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Replace Door and Window with 12' span (header question)

Replace Door and Window with 12' span (header question)

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  #1  
Old 03-22-08, 09:11 AM
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Replace Door and Window with 12' span (header question)

When our house was originally built back in 70's, the kitchen had a window and sliding door onto a back deck. The previous home-owners enclosed the back deck into a family room (with a gabled roof). Now we have a kitchen + family room seperated by a wall with an open window opening and an open sliding door opening. So, basically the wall looks like this:

+-------------------------------+
|XXXXXXXXXXXXXXXXXXXXXXXXX|
|XXX+----+XXXX+-----------+XXX|
|XXX|oooo|XXXX|oooooooooo|XXX|
|XXX+----+XXXX|oooooooooo|XXX|
|XXXXXXXXXXXX|oooooooooo|XXX|
|XXXXXXXXXXXX|oooooooooo|XXX|
+---------------+oooooooooo+---+

(X's are wall, o's are openings. I originally had this with spaces in it but that doesn't work on this site for some reason)

What we want to do is remove this wall altogether. I've done a lot of research around this and have come up with several options but just need somebody to bounce ideas off of to make sure I've thought through everything. Here's the facts:

- 70's home, platform style construction
- this is the second floor of a basement house so wall is only carrying the original roof + the gable roof from family room addition
- this is a load bearing wall, both because it was an external wall but also because its perpendicular to the ceiling joists
- Total span after completed will be 12' opening
- Not the entire wall will be removed. Left King and Jack stud will be approx halfway through window. Right side will go exactly where the right side of sliding door opening is
- Will be using temp supporting wall during construction
- Will use 2 jack studs on each side
- Will be blocking in basement to run new king/jack studs into foundation.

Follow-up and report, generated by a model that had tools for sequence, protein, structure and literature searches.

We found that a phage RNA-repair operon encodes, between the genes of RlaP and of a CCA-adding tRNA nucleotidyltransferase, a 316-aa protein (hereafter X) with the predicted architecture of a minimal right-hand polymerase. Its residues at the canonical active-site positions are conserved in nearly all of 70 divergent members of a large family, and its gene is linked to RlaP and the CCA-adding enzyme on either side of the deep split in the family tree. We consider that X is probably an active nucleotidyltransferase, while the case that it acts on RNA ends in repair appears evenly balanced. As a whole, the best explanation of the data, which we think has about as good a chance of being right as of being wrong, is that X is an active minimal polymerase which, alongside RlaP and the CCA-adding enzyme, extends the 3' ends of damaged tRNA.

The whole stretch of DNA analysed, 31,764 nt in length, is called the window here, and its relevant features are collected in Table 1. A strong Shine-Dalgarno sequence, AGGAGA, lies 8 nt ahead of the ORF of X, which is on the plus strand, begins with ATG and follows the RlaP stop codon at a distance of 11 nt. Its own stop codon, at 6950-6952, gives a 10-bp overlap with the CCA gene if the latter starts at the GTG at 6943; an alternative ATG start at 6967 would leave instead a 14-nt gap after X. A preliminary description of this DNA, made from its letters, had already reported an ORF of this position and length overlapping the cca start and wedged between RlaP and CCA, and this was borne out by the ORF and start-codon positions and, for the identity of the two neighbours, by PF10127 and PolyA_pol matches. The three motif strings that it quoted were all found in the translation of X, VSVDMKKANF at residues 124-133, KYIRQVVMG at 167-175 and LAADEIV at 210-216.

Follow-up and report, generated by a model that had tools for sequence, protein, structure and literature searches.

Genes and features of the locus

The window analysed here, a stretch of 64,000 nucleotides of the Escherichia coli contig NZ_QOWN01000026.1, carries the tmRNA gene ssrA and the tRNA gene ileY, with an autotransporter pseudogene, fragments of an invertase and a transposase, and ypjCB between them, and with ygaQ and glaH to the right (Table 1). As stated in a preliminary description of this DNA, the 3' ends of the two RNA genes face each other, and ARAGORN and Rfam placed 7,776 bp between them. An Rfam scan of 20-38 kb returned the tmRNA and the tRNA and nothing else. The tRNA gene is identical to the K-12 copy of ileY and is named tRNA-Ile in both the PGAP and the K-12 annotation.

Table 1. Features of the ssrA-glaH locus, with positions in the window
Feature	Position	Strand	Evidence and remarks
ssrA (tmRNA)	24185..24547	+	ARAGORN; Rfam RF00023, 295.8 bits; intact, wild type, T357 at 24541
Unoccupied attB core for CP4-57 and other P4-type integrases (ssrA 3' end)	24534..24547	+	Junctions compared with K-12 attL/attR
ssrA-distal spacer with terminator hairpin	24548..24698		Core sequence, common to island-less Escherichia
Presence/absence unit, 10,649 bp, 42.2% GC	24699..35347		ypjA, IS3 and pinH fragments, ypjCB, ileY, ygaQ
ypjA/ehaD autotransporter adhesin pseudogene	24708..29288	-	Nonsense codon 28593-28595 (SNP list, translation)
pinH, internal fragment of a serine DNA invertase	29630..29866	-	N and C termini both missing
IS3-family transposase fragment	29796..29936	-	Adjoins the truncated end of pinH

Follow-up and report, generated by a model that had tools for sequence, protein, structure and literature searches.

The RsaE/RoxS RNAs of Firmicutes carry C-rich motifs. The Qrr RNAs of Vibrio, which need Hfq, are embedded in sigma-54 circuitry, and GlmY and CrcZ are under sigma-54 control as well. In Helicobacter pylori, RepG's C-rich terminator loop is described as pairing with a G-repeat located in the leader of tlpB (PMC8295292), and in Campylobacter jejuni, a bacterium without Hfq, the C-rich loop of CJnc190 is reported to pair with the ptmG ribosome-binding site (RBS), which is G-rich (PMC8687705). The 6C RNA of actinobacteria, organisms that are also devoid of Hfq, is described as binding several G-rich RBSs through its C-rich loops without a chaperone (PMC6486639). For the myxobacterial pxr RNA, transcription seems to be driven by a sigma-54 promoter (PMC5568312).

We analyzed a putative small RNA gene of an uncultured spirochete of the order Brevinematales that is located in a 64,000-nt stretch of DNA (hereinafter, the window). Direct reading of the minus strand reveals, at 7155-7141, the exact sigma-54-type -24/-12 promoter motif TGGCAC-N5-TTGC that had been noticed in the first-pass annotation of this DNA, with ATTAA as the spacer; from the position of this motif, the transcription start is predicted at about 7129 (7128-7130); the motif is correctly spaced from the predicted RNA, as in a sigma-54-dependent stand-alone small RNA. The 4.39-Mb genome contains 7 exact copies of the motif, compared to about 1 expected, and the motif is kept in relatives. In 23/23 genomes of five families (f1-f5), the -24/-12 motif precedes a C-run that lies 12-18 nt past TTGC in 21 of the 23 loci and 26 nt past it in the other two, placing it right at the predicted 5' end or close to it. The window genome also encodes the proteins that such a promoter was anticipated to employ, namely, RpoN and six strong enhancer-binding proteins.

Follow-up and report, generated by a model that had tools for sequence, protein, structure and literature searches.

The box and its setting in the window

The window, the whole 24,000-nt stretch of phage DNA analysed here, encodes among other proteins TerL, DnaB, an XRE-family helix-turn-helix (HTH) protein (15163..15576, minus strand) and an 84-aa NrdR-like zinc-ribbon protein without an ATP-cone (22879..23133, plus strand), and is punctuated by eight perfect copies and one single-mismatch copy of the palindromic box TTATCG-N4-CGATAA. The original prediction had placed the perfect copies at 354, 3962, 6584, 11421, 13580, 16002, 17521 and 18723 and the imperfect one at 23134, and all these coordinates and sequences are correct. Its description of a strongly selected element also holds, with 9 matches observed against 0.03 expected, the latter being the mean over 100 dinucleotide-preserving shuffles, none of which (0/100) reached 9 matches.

- I have done a fair bit of DIY in and outside construction so am confident going into this job, but this is my first time extending a header

Questions:
- Anyone have reservations about just using 2 2x12 (plus plywood filler) for the header?
-Is just one king stud enough for this wide of an opening?
-Is it OK to cut the top plate out (just the 2nd one) and put the header up against the remaining plate? I'd like to keep the opening as high as possible?
- Is a permit required?

Any advice or response would be very welcome as I really want to get on this but I don't have many friends who tackle these kinds of projects.

Gary
 
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  #2  
Old 03-22-08, 11:45 AM
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Gary, you can do as you suggest with the header, but don't forget you have to build a false wall to hold that side of the house up while you do your thing installing the header. You can't leave that much weight alone even for a minute without problems. I wouldn't recommend cutting the top plate, as you won't be able to replace its weight bearing properties with just your header. Using a 2x12 is predicated on leaving the top plate in place. I know it is infringing on the head space you want. It is always better to double the king studs on a wide opening like this, then set your header on jacks. Permit? Only your permit department can tell you. Where we are located, unless we change the footprint of the building or make changes over a certain dollar amount, none is needed. Yours may be different.
 
  #3  
Old 03-22-08, 12:46 PM
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Agreed on the false(temp) wall. Regarding the permits, if it helps for anyone else reading this, I'm in Vancouver (Delta), BC.

Thanks for the advice on the top plate, I'll leave it alone. So, double the king as well as jack studs then... thanks, I was wondering about that.
 
  #4  
Old 03-22-08, 01:31 PM
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IMO, using 2x12's for long headers like that is outdated. You'll be miles ahead if you use a similar sized LVL instead, since it will be MUCH stronger. A structural engineer would be able to size the header exactly.
 
  #5  
Old 03-23-08, 04:41 AM
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Every locality I've ever lived in has required permits for any modifications involving electrical work, plumbing work, or structural work. Installing your header certainly qualifies under the last arena... additionally, they have required a sign off by a certified structural engineer for the permit application in such situations. Call the permit office - they're your friends - not your adversaries...
 
  #6  
Old 03-23-08, 04:50 AM
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I'm going to look into LVLs XSleeper, thanks for the tip. From what I read, I should be able to get a lower profile as well.

As to the permit office being our friends thezster, with all due respect, that sounds like an academic response. The city website is vague about what requires a permit and instead states 'should' get a permit for everything, which smells like a cash-grab. I'll still hire a structural engineer, though, that's another good tip. The local wood dealer offers them with any LVL purchase so it ties in well.

Gary
 
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